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NEWPORT BEACH : A Case of Puppy Love on Lido Isle

August 19, 1995|ENRIQUE LAVIN

A litter of seven purebred golden retrievers has captured the hearts of residents on the city's Lido peninsula, a cozy bayfront community with a one-pet-per-household policy.

"I was really treading on thin ice when I brought this litter over to the Lido," said Nancy Young, 70, who with her 9-year-old granddaughter, Ashley, has been hosting dozens of puppy-lovers a day at their summer home in a well-kept mobile home park.

"I thought people were going to scream," Young said. "But instead of complaining, people want them to stay."

The pups were born just two days before the Youngs were to leave their Villa Park home for their Lido Isle summer place, so the family brought them along.

The animals have been spoken for since December, but that hasn't stopped would-be owners from joining those who live and work in the area in a daily pilgrimage to play with the pups. "I've been going to see them every single day," said Lori Buccola, a receptionist at Lido Peninsula Co. who calls her lunchtime visits "puppy stress relief." "When I see them, they make me happy."

Early morning and lunchtime traffic jams are common on the neighborhood's narrow streets as drivers make brief stops in front of Young's bungalow. But nobody seems to mind, and no horns honk in protest, said Ashley, whom her grandmother calls the puppies' social director.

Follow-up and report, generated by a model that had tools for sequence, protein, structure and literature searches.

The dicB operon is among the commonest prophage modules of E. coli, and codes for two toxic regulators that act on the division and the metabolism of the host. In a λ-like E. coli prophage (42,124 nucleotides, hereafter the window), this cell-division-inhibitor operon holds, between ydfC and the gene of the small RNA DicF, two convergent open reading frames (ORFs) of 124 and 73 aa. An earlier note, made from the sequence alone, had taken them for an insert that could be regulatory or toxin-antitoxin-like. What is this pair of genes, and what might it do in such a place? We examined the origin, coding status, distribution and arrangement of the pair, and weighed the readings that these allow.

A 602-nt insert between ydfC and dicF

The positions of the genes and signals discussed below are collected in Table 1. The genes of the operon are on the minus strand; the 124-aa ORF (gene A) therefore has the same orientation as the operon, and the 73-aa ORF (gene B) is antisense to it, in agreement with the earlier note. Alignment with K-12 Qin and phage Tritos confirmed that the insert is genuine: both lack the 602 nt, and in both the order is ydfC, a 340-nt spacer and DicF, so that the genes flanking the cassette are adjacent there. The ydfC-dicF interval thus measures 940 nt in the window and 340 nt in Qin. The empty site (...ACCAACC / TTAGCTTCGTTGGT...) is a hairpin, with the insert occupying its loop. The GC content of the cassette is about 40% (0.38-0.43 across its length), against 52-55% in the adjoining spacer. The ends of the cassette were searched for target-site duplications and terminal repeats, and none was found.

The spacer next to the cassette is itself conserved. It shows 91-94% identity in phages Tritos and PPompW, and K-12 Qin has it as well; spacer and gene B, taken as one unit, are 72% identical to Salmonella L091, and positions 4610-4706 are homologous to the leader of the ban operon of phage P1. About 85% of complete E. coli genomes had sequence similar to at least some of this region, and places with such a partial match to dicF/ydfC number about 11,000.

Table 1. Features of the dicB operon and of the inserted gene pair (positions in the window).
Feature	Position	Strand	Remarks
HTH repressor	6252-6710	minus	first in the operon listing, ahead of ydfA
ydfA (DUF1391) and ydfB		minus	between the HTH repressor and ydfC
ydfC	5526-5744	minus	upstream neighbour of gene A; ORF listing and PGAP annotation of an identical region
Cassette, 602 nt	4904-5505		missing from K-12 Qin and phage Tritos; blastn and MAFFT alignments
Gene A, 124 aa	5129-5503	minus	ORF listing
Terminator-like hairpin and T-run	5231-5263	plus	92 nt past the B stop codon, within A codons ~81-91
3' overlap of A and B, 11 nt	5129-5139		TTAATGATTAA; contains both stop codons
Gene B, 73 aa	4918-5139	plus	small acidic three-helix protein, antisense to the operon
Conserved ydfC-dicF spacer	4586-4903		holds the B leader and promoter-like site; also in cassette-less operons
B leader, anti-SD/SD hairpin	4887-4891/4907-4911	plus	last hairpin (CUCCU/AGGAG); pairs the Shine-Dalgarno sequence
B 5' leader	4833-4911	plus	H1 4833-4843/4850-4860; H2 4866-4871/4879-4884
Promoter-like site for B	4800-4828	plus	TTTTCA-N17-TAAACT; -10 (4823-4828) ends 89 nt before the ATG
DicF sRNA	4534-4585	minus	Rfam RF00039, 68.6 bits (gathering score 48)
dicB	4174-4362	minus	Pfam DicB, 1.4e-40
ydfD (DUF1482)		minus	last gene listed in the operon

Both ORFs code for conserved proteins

Young, a professional dog breeder for 35 years, says the secret of her success in placing puppies even before they are born is to allow people to "love" them as much as they want before they go to their new homes.

"Nancy encourages people to love them, so they can be loving dogs," said Morgana Corelli, who with her mother, Yvonne Doughty, lives a few homes away from the Youngs. Prospective buyers make $100 deposits on unborn puppies and pay a balance of $700 when they pick them up at age 7 weeks.

Young and her husband, John, a veterinarian who specializes in golden retrievers, live in Villa Park and spend their summers in Newport Beach. Each of their 11 adult dogs has two or three litters a year.

Don Funk, manager of the mobile home community that has a summertime population of about 450, said he bent the one-pet rule for the Youngs' puppies because the situation was temporary.

"We'd be running a kennel and not a mobile-home park otherwise," he said. "Besides, the pups will be with their new owners soon, somewhere."

The Lido pup that will go the farthest is destined for an island in the Caribbean, Young said. Others will go to various locations across California.

Park residents said they will be sorry to see the dogs go.

"They have brought the greatest joy to this park," Doughty said. "Everyone is going to be so sad when they leave."

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